A record number of hate crimes are being recorded – but why is this and what can we do to stop them, asks Matthew Williams.
by: Matthew Williams
4 May 2022
On both sides of the Atlantic hate is on the rise, with police in the US and UK recording 10-year record highs. An increase in victim reporting and better police recording account for some of the rise, but we can’t rule out increased perpetration. But why is hate on the rise now?
To understand hate we must first understand its antecedent: prejudice. Prejudices are formed when our attitude and feeling towards someone are shaped by our perceptions of a group we think they belong to. They therefore focus on what psychologists call the outgroup (‘them’) and the ingroup (‘us’).
When prejudices are focused on ‘them’, they tend to be associated with negative stereotypes and feelings. While we all hold prejudices because of the biased culture we grew up in, we don’t all take to the streets to commit hate crimes. When a person harms or kills another because they belong to a particular group, they have moved beyond prejudice to hate.
A key difference between prejudice and hate is the ‘push/pull’ factor. Prejudice can see the ingroup push away the outgroup, in order to avoid them, while hate sees the ingroup pull the outgroup towards them, in order to attack them.
Hate is then distinct from prejudice and the associated feelings of anger, contempt and disgust. Hate is enduring, stable and consuming, and people who adopt it often believe they are embarking on a moral cause of some kind. The hated outgroup is perceived as doing something that undermines the very morals the haters are trying to uphold.
The ends can then justify the means, even if the means involve the extermination of whole ethnic or religious groups.
The hater hierarchy
But not every hater is on a moral crusade to eradicate the world of an outgroup. There is a hierarchy at work, with various levels of commitment to hatred. At the top of the hater hierarchy is the mission offender. They tend to specialise in hateful activity and are morally driven, seeing themselves as tasked with a ‘mission’ to subjugate the outgroup. They fall firmly into the ‘pull’ category, using violence in their pursuit of ‘them’.
Retaliatory haters take second place, and also form part of the ‘pull’ category. These offenders are part-time haters who are triggered by an event to feel threatened and afraid. Retaliatory hate crime has become more common recently in reaction to extremist Islamic terror attacks. In the US in the year following 9/11, the FBI recorded 481 hate crimes with a specific anti-Islamic motive, with a staggering 58 per cent of these occurring within two weeks of the attack.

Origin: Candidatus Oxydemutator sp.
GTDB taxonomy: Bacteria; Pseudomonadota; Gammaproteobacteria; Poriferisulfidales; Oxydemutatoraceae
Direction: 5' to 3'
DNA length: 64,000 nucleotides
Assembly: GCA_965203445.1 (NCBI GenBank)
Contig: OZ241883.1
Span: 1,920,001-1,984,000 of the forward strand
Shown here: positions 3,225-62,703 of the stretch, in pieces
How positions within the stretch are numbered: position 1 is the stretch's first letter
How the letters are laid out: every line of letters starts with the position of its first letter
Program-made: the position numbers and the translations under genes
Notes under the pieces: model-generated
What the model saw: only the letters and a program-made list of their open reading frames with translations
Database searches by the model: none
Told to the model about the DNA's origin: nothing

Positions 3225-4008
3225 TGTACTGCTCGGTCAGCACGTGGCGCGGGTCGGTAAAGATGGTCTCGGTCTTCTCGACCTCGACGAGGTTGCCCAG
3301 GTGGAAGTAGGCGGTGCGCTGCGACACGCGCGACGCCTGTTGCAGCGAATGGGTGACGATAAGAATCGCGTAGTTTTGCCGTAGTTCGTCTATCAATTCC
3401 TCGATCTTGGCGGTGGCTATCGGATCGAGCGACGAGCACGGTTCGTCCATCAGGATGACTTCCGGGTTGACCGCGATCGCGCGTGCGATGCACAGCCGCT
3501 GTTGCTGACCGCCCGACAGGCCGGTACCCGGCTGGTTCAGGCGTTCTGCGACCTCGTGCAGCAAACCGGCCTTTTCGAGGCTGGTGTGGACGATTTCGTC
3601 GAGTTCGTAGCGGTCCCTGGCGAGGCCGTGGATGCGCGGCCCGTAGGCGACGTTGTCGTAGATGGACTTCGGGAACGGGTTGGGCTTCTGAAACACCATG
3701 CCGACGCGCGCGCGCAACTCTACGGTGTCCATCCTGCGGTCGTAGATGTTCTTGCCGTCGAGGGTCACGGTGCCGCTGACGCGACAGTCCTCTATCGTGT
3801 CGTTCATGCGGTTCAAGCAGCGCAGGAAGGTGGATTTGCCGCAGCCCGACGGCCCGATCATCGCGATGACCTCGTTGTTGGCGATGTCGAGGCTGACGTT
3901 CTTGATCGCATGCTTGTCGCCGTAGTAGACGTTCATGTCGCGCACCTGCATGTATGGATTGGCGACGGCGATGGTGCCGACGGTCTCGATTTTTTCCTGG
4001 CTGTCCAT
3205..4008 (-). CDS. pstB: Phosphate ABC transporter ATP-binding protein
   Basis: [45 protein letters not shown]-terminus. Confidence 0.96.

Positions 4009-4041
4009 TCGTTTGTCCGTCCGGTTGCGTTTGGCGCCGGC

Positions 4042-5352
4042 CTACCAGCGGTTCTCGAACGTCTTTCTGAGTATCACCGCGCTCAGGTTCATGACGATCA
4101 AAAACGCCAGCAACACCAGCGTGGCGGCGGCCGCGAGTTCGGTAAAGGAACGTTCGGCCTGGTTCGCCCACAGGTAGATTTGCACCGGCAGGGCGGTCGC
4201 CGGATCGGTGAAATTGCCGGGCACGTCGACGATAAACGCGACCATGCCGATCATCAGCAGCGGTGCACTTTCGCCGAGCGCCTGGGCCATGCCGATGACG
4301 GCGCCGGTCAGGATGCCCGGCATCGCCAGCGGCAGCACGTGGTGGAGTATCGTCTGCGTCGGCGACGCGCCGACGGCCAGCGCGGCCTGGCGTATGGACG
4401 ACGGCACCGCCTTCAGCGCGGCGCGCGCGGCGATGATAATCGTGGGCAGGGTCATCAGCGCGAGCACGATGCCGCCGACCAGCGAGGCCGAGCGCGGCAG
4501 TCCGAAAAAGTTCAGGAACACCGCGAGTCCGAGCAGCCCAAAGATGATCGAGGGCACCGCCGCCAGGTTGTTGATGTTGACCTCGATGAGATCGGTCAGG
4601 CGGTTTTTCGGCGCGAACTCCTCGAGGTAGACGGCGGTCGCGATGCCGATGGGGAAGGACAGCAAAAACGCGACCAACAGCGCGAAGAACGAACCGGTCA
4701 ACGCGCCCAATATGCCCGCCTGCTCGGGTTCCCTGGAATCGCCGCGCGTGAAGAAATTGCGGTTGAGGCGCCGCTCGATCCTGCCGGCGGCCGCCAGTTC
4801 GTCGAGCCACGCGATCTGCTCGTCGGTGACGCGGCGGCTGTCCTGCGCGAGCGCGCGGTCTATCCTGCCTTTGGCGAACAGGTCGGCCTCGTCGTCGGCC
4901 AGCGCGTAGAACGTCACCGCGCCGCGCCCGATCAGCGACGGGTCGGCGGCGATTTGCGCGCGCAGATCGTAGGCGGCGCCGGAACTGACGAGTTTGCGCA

Defensive haters take third position, and this forms part of the ‘push’ category. Their attitude towards the outgroup falls somewhere between high prejudice and hate, and it is only acted upon when they feel that their territory is being invaded or their resources threatened.
Thrill-seeking offenders take the final spot. Unlike the other categories, these offenders may not hold hateful attitudes towards their targets, and instead may be motivated by their peer group and a desire to be one of the gang. Hateful violence is then just a means of increasing their status.
Why is hate on the rise?
The current rate of the breakdown in social relations across the world is arresting. Societal divisions are being prised wide open, fuelled by the internet revolution and its corruption by masked individuals, the far right and rogue state actors.
During the Covid-19 pandemic, social media was flooded with far-right conspiracy theories and hate targeting east and south-east Asian and Jewish communities for supposedly creating and/or spreading the disease. Beyond organised campaigns, the everyday internet user also took to social media to post hateful messages, triggered by disinformation and careless phrases, like “Chinese virus” and “kung flu”, coming out of the White House.
What is most worrying about this trend is that the research shows divisive messages from public figures are directly linked to tipping some people into hateful violence on the streets. In January 2021 the world witnessed an unparalleled example of this when the US Capitol building was stormed by Trump supporters who had been whipped up by his polarising rhetoric. Within 24 hours of the siege, Twitter, Facebook and YouTube suspended Trump’s accounts in an effort to prevent further unrest.
New technology has transformed hate, amplifying its power to inflict harm. Left unchallenged, the expression of hate in our modern connected society has the potential to become more widespread than at any other point in history.
But if we seek to fully understand this new context, using all the science at our disposal, we can put in place initiatives to stop hate radiating beyond individual communities to whole nations.
We’ve figured out the causes, now we just need the will, from political and technology leaders, to implement the solutions.
Matthew Williams is the author of The Science of Hate: How Prejudice Becomes Hate and What We Can Do to Stop It, out now (Faber & Faber, £9.99)
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